Systemic Banality

by matttbastard

Well, isn’t this lovely — CBC News is reporting that the Feds are trying to block military commission hearings into Afghan detainee transfers: 

In papers filed in Federal Court, government lawyers argue the issue never should have gone as far as it has with the MPCC.

“In a spirit of co-operation, the government did not challenge the jurisdiction of the MPCC to investigate,” the Justice Department said in its Federal Court filing, according to the Globe and Mail.

“This should have given the commission the opportunity to satisfy itself that the…complaint should be dismissed either because it lacked merit or because the commission has no jurisdiction to investigate it,” the department states.


Government lawyers argue the handling of detainees is a military operation — not a policing issue.

But Amnesty International’s Alex Neve said it is appropriate for the commission to investigate.

“The military police are involved in the detention and transfer of prisoners, they do so in their police capacity,” he said.

He added that the government had indicated it would co-operate.

“So how can it be, one year later now, they change their mind and turn around and say they will contest this? It simply isn’t right.”

Ah, those wacky Little Eichmanns in Ottawa.  Nice to see the small government ideologues have come to realize the inherent value contained within an amoral, labyrinthine bureaucracy.  Nothing says “depraved” like using a last-minute jurisdictional argument to try and suppress torture allegations.

More from pogge, who notes that, according to The Canadian Press, “the government has already provided reams of documents and information -1,300 pages in all – and has delivered 38 witnesses to the commission.”  As pogge aptly observes, “That’s awfully strange behaviour when the entire matter is outside the commission’s jurisdiction, don’t you think?

Yes, I really do think.

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Quote of the Day: “It would be so nice if something made sense for a change.”

by matttbastard

x-posted @ Comments From Left Field

“The Defence Department is so desperate to validate this broken process that they will disregard just about any concern of judicial economy or fairness to the accused… .

“They write a rule giving Omar a right to appeal, they tell Omar he has a right to appeal, and when he appeals, they claim he doesn’t have a right to appeal — Alice in Wonderland really is the only way to describe it.”

– Lt.-Cmdr. Bill Kuebler, lead military lawyer for Omar Khadr, commenting on U.S. military judge Peter Brownback’s order that Khadr’s trial “proceed in a “judicious manner,” in spite of a court appeal from Khadr’s lawyers questioning whether the young Canadian can legally be tried at all.”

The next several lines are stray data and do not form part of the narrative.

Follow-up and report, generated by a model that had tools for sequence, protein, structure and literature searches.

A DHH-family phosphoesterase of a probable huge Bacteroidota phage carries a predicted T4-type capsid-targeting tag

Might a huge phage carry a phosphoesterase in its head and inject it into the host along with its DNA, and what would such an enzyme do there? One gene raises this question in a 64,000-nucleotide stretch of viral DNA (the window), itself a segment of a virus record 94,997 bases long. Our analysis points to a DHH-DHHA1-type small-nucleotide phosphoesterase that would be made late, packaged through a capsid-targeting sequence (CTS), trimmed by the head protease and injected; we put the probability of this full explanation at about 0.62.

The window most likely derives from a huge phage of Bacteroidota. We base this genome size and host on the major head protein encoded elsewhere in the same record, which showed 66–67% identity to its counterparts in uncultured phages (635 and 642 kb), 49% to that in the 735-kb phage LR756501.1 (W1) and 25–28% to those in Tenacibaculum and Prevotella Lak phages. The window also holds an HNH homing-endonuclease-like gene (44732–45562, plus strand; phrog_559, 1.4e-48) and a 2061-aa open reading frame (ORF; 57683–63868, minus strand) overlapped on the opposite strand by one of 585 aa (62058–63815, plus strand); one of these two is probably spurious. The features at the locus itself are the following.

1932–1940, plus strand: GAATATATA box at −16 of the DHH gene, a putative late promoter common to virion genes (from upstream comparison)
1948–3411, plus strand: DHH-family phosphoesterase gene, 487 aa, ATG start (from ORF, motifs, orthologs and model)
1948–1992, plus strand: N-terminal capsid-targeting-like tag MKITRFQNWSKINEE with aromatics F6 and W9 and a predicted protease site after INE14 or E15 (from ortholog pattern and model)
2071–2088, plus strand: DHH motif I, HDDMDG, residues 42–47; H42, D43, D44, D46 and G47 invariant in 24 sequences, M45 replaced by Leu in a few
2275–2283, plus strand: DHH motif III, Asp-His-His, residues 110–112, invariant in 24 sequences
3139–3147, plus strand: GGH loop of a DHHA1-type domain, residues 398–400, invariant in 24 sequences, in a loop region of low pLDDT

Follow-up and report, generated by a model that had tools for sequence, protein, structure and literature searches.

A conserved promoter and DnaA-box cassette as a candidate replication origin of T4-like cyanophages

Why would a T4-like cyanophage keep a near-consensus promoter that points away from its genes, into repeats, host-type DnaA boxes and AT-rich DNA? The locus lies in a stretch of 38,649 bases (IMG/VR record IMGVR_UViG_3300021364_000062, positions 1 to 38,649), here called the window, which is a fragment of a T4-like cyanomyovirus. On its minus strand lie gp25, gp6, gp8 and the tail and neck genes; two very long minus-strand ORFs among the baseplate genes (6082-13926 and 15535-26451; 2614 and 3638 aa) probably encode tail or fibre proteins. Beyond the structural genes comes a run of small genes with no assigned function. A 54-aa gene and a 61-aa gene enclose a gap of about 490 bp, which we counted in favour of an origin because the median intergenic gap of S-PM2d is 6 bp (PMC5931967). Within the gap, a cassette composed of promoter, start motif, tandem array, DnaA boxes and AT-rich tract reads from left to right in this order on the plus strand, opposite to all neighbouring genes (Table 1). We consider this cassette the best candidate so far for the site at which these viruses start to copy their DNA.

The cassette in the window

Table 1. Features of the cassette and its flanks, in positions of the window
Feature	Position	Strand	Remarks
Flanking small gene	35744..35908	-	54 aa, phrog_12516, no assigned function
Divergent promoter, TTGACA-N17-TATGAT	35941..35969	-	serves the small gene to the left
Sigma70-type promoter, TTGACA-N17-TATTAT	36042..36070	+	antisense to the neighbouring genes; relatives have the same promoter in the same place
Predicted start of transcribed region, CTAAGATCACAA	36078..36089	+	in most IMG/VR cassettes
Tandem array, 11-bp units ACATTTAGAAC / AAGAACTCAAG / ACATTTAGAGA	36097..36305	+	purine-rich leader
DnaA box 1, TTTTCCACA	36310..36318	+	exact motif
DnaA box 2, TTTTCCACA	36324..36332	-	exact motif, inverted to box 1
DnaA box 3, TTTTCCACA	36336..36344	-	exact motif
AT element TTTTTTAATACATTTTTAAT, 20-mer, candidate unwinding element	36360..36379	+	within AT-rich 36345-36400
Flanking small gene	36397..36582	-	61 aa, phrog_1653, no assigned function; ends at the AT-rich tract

CP further quotes Kuebler:

The U.S. would never tolerate this kind of treatment for an American, yet the Canadian government continues to agree with the U.S. view that it’s good enough for a Canadian.

In an op-ed published this past June, Maude Barlow, Alex Neve and Roch Tasse noted that:

Despite the controversy surrounding Mr. Khadr and his family, who are well-known for terrorist connections and anti-western rhetoric, there is no justification for the Canadian government’s failure to demand forcefully and publicly, as other U.S. allies have, that his human rights be fully protected, including the right to a fair trial. Our government’s failure to make this public request, and its failure to demand that Guantanamo Bay be shut down immediately, sends a very worrying message to the rest of world about where Canada stands on human rights and international law. And it speaks volumes about the Canadian government’s tendency over these past five years to fail to put human rights at the centre of its relationship with the United States. [emph and link mine]

More from CanWest News on how “Canada is the only western country that has given the U.S. the benefit of the doubt in its treatment of “enemy combatants” being held at Guantanamo Bay, Cuba… .”

Background: 2006 Rolling Stone profile of Omar Khadr, who has been in Gitmo limbo since 2002 after being captured in Afghanistan at the age of 15; Human Rights Watch: The Omar Khadr Case: A Teenager Imprisoned at Guantanamo.

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